Federal taxable income refers to the portion of your income that is used to determine your Federal income tax. While this is partially dependent on the tax deductions you qualify for, as well as some other information that can't be determined from a pay stub, you can calculate the amount of your income that could be subject to federal income tax using the amount on your final pay stub of the year.

Different ways to calculate income
When you receive your W-2 for the year, you'll see three types of federal income listed.

  • Wages, tips, and other compensation (line 1): This is all of the money you earn that is potentially subject to Federal income taxes.
  • Social Security wages (line 3): This is how much of your compensation is subject to Social Security taxes. For 2016, this is capped at $118,500.
  • Medicare wages and tips (line 5): The amount of your compensation subject to Medicare taxes.

Why are there three types of income? In a nutshell, certain items are excluded from federal taxable income but are included in the other two figures. For example, money you contribute to a 401(k) or other employer-sponsored retirement plan is not taxable on a federal level, but it is subject to Social Security and Medicare taxes.

How to calculate federal taxable income
First, look on your last paystub of the year for your gross income for the year. Then add up all of the deductions that are excluded from federal taxes. These may include, but are not limited to:

  • 401(k) contributions (as long as your 401(k) isn't a Roth account)
  • Health insurance premiums
  • Group life insurance premiums
  • Other items covered under a section 125 cafeteria plan (such as vision and dental insurance, flexible spending account contributions, and other supplemental forms of insurance)
  • Adoption assistance deductions
  • Dependent care reimbursement accounts

Subtract the total of these pre-tax deductions from your gross income to arrive at your annual income that could be subject to federal tax.

It's important to note that some of these items aren't excluded from Social Security and Medicare income. In general, the only deductions that are excluded from Social Security and Medicare income are section 125 deductions (insurances) and life insurance premiums for up to $50,000 in coverage. So, if your W-2 lists a higher number for these income figures, that's why.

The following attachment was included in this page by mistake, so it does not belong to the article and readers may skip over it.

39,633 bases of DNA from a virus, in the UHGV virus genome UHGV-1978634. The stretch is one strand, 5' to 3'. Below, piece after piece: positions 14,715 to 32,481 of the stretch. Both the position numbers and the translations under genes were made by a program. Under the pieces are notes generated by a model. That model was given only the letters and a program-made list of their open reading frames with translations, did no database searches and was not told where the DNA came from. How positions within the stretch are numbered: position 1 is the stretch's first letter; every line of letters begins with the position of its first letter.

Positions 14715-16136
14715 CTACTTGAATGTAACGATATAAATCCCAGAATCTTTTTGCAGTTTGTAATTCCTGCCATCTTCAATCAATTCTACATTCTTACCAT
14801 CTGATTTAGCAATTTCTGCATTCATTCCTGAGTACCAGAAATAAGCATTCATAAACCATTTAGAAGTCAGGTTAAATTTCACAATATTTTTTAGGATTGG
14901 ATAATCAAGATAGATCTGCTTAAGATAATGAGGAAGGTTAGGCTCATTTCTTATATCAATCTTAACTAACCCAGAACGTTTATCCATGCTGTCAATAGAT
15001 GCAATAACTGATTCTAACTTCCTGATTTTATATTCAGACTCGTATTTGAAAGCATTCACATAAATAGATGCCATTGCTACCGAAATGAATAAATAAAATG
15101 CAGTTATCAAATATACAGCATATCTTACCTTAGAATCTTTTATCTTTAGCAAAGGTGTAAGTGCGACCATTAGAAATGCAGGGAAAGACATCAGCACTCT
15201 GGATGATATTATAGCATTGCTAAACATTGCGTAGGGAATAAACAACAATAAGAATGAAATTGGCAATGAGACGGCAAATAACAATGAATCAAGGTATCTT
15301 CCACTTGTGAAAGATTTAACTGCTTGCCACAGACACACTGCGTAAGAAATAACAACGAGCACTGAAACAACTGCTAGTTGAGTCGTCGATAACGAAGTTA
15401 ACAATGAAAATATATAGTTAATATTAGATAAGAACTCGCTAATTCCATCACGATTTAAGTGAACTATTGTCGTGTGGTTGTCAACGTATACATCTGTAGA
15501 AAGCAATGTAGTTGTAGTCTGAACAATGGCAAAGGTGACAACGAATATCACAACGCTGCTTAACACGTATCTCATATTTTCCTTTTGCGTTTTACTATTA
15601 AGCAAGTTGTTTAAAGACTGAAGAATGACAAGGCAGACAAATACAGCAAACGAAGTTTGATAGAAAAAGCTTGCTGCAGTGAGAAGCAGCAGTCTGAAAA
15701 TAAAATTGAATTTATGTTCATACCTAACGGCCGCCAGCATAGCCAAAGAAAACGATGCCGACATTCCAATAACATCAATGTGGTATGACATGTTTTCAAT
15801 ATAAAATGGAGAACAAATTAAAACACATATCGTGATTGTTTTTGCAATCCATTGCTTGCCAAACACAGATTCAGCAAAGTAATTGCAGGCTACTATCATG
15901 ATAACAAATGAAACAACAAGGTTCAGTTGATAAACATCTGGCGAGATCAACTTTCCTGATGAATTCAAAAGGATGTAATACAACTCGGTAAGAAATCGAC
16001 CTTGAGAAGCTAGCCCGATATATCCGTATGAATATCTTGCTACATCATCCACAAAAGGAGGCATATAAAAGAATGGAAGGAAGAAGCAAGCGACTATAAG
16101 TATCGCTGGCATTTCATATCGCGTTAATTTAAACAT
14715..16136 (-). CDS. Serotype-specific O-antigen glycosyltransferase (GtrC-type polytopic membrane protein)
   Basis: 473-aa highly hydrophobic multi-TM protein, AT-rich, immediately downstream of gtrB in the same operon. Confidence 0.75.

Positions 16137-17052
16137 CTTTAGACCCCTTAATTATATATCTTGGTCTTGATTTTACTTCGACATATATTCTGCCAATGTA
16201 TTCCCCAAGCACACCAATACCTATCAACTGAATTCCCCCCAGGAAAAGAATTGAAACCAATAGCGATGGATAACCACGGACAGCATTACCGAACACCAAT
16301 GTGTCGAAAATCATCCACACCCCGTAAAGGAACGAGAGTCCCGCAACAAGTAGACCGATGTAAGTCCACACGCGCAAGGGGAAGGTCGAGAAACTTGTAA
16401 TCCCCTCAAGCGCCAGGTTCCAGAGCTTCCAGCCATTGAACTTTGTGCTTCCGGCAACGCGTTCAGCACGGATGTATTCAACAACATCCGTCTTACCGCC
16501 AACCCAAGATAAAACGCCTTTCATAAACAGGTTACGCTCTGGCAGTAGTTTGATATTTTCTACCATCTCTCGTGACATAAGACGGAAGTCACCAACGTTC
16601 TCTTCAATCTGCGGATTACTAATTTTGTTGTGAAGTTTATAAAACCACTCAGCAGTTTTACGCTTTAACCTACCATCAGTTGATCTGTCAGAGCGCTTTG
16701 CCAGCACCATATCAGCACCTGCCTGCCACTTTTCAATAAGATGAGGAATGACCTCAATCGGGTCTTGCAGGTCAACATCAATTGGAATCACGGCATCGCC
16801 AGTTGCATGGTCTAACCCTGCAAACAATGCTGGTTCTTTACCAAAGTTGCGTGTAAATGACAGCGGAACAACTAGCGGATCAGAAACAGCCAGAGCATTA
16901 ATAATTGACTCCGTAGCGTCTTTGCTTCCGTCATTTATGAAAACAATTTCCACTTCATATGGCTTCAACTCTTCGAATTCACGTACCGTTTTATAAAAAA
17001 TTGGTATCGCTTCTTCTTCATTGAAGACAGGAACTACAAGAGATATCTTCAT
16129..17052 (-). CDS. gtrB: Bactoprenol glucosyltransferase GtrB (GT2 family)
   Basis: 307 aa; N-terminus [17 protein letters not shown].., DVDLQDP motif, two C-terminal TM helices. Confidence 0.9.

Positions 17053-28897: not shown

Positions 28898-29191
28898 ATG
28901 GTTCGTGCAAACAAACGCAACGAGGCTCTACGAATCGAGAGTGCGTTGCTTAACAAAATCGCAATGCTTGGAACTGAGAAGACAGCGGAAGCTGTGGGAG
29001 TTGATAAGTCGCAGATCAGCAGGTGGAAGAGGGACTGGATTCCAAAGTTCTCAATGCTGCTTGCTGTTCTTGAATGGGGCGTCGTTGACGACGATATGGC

An example
To illustrate this, consider the following final paystub information as an example.


Year-to-Date Gross

Gross pay


Health insurance


Dental insurance


Other insurances (disability, vision, etc.)


401(k) contributions


In this case, the pre-tax deductions add up to $5,900. Subtracting this from the gross pay gives us a total Federal wage income of $44,100.

An important note
As we mentioned earlier, the term "Federal taxable income" actually refers to your total income minus your personal exemptions and standard or itemized deductions. In other words, your actual taxable income is likely to be different from the amount you calculated from your pay stub.

However, the calculation described here can give you a good starting point to help determine your eventual tax liability (or refund). By using the income figure you calculated here in a tax calculator (such as this one from TurboTax), you can use the information on your pay stub along with your tax deductions to get an accurate picture of your tax situation.

This article is part of The Motley Fool's Knowledge Center, which was created based on the collected wisdom of a fantastic community of investors. We'd love to hear your questions, thoughts, and opinions on the Knowledge Center in general or this page in particular. Your input will help us help the world invest, better! Email us at knowledgecenter@fool.com. Thanks -- and Fool on!